Free Markets, Free People


GDP growth: How bad is it?


Real bad according to J.P. Morgan:

This morning we lowered our tracking of Q2 GDP growth from 1.7% to 1.4%. For some time now we have noted that our Q3 GDP call — which was already below consensus at 2.0% — had risks that were skewed to the downside.

After the latest round of data we have decided to lower our projection for Q3 to 1.5%. The strength in inventories reported this morning suggests that businesses may have got caught offsides when final demand weakened this past spring. That inventory build should weigh on production growth in the third quarter as already-cautious businesses seek to work down stockpiles. Added to this downside, the weakness in June real consumer spending will make the arithmetic for Q3 consumption a little more challenging.

Finally, the decline in gasoline prices — which had been seen as an important support to the economy — has partly reversed itself in recent weeks, thereby lessening the impetus to growth from that source. For 2012 as a whole, we are now looking for growth of around 1.7% on a Q4/Q4 basis, about the same as last year and 0.2%-point below our tracking last week. On a year-ago basis real GDP has been growing at a below-trend pace since early last year. If our forecast is anywhere near correct, that pattern will persist for at least another year, and perhaps even longer.

To reiterate:

Q2 – 1.4% growth.

Q3 – 1.5% growth

Q4 – 1.7% growth

For the year, under 2.0%.

The word “pitiful” doesn’t even begin to connote the severity of this forecast.  And note the bottom line of the JP Morgan forecast: “If our forecast is anywhere near correct, that pattern will persist for at least another year, and perhaps even longer.”

And here we are doing the usual – talking about distractions like Bain Capital.



Twitter: @McQandO

Obama’s budget would double public debt by 2021

If you thought President Obama was serious about his rhetorical appeals to fiscal responsibility, one only has to look at the latest CBO report to know better.  There is nothing in the report to support any such contention by the administration.  To the contrary it points to a level of fiscal irresponsibility that is unprecedented in the history of this republic.  Obama’s budget would, if executed, double the public debt by 2021 to $20.8 trillion or 87% of the GDP.  That is if our economic and financial systems, not to mention the dollar, last that long:

In 2012, the deficit under the President’s budget would decline to $1.2 trillion, or 7.4 percent of GDP, CBO estimates. That shortfall is $83 billion greater than the deficit that CBO projects for 2012 in its current baseline. Deficits in succeeding years under the President’s proposals would be smaller than the deficit in 2012, although they would still add significantly to federal debt. The deficit would shrink to 4.1 percent of GDP by 2015 but widen in later years, reaching 4.9 percent of GDP in 2021. In all, deficits would total $9.5 trillion between 2012 and 2021 under the President’s budget (or 4.8 percent of total GDP projected for that period)—$2.7 trillion more than the cumulative deficit in CBO’s baseline. Federal debt held by the public would double under the President’s budget, growing from $10.4 trillion (69 percent of GDP) at the end of 2011 to $20.8 trillion (87 percent of GDP) at the end of 2021.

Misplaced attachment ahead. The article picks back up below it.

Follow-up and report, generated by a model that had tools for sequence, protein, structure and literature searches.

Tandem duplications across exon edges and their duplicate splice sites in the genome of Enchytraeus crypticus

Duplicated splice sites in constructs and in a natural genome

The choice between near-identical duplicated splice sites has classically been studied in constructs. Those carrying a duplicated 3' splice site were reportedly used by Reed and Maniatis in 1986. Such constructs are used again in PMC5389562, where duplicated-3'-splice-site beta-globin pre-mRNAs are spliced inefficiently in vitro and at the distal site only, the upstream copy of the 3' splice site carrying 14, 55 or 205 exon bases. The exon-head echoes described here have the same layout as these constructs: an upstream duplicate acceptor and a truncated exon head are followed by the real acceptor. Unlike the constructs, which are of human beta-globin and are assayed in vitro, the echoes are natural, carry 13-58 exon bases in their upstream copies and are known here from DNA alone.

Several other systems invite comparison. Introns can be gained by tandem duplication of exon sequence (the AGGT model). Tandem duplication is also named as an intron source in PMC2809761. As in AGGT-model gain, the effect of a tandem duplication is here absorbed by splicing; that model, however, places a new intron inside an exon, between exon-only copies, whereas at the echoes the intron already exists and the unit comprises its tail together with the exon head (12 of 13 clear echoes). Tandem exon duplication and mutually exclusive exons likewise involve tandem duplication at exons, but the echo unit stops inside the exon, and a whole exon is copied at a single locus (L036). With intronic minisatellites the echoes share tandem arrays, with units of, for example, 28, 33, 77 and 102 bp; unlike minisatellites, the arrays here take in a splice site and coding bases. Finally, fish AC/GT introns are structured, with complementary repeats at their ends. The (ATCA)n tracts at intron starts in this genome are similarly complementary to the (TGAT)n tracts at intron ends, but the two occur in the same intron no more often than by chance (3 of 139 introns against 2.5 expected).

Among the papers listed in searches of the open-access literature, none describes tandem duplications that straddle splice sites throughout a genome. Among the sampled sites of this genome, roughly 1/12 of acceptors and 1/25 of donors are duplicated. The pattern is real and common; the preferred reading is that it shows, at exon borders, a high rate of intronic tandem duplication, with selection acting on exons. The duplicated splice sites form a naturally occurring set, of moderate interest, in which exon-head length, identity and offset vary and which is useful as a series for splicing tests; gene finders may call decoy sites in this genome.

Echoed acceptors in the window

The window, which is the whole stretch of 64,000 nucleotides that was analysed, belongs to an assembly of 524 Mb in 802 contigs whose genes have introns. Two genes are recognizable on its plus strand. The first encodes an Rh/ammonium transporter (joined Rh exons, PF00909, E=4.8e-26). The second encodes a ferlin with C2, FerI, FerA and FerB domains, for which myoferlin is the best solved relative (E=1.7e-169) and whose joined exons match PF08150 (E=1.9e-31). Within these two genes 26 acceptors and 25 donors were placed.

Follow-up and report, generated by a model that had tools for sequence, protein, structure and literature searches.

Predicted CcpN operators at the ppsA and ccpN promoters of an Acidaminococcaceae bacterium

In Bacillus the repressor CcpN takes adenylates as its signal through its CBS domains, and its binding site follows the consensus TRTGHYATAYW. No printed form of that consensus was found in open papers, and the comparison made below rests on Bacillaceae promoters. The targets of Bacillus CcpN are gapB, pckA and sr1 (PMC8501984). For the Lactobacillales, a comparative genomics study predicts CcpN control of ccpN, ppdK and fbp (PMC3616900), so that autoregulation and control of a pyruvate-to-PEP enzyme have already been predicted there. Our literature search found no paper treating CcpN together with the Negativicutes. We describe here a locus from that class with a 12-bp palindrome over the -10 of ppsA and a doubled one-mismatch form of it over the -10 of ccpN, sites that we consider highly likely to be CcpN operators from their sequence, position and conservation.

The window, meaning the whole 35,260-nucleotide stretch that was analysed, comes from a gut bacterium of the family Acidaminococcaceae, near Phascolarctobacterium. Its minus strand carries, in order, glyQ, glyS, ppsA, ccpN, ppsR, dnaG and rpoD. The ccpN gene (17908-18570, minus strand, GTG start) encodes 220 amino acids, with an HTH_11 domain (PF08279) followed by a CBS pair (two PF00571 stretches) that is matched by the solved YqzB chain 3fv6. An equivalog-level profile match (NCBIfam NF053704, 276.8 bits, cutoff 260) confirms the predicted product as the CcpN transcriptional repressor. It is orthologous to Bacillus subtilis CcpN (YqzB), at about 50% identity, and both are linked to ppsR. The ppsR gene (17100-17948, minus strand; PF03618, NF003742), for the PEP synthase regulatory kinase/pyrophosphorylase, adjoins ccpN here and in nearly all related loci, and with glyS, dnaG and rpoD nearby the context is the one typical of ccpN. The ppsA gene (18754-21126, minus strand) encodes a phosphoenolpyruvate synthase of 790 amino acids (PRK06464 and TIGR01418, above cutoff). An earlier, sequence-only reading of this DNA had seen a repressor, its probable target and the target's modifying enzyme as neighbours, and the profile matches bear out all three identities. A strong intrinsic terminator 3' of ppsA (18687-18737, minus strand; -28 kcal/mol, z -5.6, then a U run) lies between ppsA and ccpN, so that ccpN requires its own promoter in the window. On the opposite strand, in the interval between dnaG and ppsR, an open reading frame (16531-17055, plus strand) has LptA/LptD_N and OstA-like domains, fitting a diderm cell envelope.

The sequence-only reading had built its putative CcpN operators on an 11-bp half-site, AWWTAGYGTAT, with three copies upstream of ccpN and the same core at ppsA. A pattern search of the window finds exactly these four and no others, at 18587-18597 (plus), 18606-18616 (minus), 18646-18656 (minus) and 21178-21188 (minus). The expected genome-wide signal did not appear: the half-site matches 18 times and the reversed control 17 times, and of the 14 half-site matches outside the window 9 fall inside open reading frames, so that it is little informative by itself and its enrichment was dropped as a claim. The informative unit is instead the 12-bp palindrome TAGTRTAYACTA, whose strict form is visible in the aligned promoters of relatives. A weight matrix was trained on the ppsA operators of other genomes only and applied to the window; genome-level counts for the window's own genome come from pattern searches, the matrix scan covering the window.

Given the outright deceit we’re regularly treated too by Democrats concerning their seriousness in addressing the problems we face, or their outright disinterest in  actually doing so (Harry Reid’s recent “see me in 20 years about Social Security” or his whining about defunding “cowboy poets”), it shouldn’t really surprise anyone that we’re in the shape we’re in or that this administration is actually offering these budgets on the one hand while claiming to understand that we can’t continue spending as we are on the other.

We even have Nancy Pelosi claiming Democrats have always been for fiscal responsibility.

It boggles the mind to even consider these numbers and yet we have an administration offering them as the way to go for the future and doing so with a straight face.  

Note the chart included here.  The “baseline projection” is what we’d spend under current law.  CBO claims one of the problems is a decrease in revenues under the President’s proposed policies with, you guessed it, an increase in outlays.  And we’d also see – and this isn’t unexpected at all, given the amount of money we continue to borrow – an increase in the percentage of outlays required to service the debt:

In particular, net interest payments would nearly quadruple in nominal dollars (without an adjustment for inflation) over the 2012–2021 period and would increase from 1.7 percent of GDP to 3.9 percent. Total outlays under the President’s budget would equal 23.6 percent of GDP in 2012, decline slightly as a share of GDP over the following two years, and then rise for the rest of the 10-year projection period. They would equal 24.2 percent of GDP in 2021—about 0.3 percentage points above CBO’s baseline projection for that year and well above the 40-year average for total outlays, 20.8 percent.

So if the President’s budgets were enacted, we’d see government outlays – that’s spending for the rest of us – hit almost a quarter of the GDP and the debt in total about 87% of GDP in 10 years.

Meanwhile Democrats continue to fight against almost every cut for the most inane reasons while we see the debt numbers continue to climb.  Republicans are at least are making an attempt at cutting spending, no matter how weak, but Democrats have given up all pretense.  And all credibility.  The President’s budgets are the final nail in the Dem’s faux “fiscal responsibility” coffin.